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Does your company’s accountant have a conflict of interest?

On Behalf of | Sep 8, 2023 | Professional Negligence

If your accountant has a conflict of interest, it could cost your company a lot of money. When you hire someone, either bringing in a firm to work alongside your business or hiring a professional directly, you expect them to work with your best interests in mind. When this doesn’t happen, it undermines your trust and can be a very expensive reality.

There are numerous examples of how an accountant could have a conflict of interest, and every case is unique. With that said, these are a few things to keep in mind if you’re concerned that your company’s accountant may have a conflict of interest.

Representing two clients

A conflict of interest could occur if the accountant represents two different clients who have opposite interests. Maybe you are involved in a dispute with a vendor over payments, and you want the accountant to come in and clear things up so that the business can move forward with the books in order. But if it turns out that the accountant is also representing that vendor, they may not truly have your best interests in mind.

Providing financial advice

Another example could unfold if an accountant is providing advice to business owners like yourself who are attempting to purchase another business. Maybe you and a local competitor are both trying to make the purchase, and the accountant is helping both of you. Does that call any of their decisions on your behalf into question? Is the advice that they give you actually going to help you – or will it serve their other client, who is also paying them?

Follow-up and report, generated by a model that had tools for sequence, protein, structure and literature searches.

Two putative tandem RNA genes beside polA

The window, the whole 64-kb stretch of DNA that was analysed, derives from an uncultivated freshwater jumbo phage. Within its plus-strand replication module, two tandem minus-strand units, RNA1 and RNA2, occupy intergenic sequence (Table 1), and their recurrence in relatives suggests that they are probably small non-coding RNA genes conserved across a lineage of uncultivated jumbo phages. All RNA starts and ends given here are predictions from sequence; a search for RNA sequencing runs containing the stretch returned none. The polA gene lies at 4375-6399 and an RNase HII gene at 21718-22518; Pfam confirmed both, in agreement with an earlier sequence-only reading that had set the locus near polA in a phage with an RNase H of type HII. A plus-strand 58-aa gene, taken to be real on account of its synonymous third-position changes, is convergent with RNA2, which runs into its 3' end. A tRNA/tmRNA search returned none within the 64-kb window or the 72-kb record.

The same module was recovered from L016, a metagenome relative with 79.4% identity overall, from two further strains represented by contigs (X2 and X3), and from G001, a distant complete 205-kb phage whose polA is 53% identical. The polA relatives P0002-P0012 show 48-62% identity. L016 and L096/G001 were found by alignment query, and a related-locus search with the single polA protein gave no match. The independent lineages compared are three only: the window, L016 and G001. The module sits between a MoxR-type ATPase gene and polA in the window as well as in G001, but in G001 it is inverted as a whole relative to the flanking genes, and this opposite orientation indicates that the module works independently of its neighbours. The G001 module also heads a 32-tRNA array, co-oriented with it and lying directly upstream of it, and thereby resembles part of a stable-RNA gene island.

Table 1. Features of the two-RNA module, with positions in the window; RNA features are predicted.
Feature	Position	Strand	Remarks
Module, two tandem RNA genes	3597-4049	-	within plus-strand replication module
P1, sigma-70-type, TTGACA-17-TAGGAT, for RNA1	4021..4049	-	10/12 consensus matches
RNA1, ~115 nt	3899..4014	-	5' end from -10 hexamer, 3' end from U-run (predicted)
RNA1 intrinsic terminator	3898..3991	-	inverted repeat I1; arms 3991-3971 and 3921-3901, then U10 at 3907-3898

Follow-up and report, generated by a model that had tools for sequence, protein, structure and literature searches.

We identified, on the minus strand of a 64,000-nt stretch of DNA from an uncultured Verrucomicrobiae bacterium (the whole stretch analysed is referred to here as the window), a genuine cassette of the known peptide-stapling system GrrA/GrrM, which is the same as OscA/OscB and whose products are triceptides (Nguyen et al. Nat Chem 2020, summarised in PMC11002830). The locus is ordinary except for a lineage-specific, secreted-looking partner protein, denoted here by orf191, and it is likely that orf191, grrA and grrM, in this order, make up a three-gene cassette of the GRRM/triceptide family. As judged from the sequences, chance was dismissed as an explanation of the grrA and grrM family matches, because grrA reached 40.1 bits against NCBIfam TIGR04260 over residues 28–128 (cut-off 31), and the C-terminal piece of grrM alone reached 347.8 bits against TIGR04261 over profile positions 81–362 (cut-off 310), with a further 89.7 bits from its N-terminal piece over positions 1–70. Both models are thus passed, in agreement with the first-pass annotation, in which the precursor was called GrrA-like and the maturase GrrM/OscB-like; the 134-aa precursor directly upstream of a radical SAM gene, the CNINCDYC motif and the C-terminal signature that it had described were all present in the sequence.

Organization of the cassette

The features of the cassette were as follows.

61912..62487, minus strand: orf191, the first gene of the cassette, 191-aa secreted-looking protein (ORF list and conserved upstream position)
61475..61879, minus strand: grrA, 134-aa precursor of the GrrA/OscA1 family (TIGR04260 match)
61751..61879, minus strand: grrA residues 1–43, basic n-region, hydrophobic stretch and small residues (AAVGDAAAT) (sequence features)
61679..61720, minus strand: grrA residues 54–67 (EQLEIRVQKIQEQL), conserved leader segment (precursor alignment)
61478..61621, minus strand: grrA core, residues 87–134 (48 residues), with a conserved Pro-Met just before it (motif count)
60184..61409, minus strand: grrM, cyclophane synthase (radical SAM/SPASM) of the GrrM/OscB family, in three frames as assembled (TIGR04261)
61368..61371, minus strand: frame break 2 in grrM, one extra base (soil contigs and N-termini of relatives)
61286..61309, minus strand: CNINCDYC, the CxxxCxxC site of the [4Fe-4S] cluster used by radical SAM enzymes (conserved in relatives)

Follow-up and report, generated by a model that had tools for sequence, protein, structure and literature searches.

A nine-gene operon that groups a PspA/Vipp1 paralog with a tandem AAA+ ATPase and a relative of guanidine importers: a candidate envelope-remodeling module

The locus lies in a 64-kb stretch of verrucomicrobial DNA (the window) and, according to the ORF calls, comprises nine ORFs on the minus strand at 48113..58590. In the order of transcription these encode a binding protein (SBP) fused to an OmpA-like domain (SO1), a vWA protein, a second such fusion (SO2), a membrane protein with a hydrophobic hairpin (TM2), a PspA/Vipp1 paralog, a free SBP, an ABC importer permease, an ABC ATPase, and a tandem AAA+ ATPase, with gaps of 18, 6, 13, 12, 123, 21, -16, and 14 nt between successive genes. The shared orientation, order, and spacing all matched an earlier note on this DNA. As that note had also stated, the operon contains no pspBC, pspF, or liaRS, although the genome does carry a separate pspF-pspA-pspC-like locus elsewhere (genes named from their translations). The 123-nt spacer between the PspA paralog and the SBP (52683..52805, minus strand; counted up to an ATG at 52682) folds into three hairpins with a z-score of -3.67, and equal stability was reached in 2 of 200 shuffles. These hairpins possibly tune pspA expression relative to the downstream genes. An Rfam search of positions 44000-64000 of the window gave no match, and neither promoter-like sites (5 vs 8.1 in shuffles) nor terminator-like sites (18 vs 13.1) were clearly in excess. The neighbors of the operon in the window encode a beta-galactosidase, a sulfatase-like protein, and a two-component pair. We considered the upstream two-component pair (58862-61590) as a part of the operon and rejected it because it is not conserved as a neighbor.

Direct family members

In some cases, a conflict of interest could even involve a family member of the accountant. Say that you are trying to purchase a competitor’s business to merge with your own. The accountant is working with you to hammer out the details of that purchase. You then discover that the accountant’s father-in-law is the owner of the business, or an investor in that business and then you understandably question who the accountant is really working for.

By no means are these the only ways that a conflict of interest can manifest, but these examples can help to give you an idea of how to spot one. If you find yourself in this position, you need to know exactly what legal options you have available to you. Seeking legal guidance is generally the best way to start.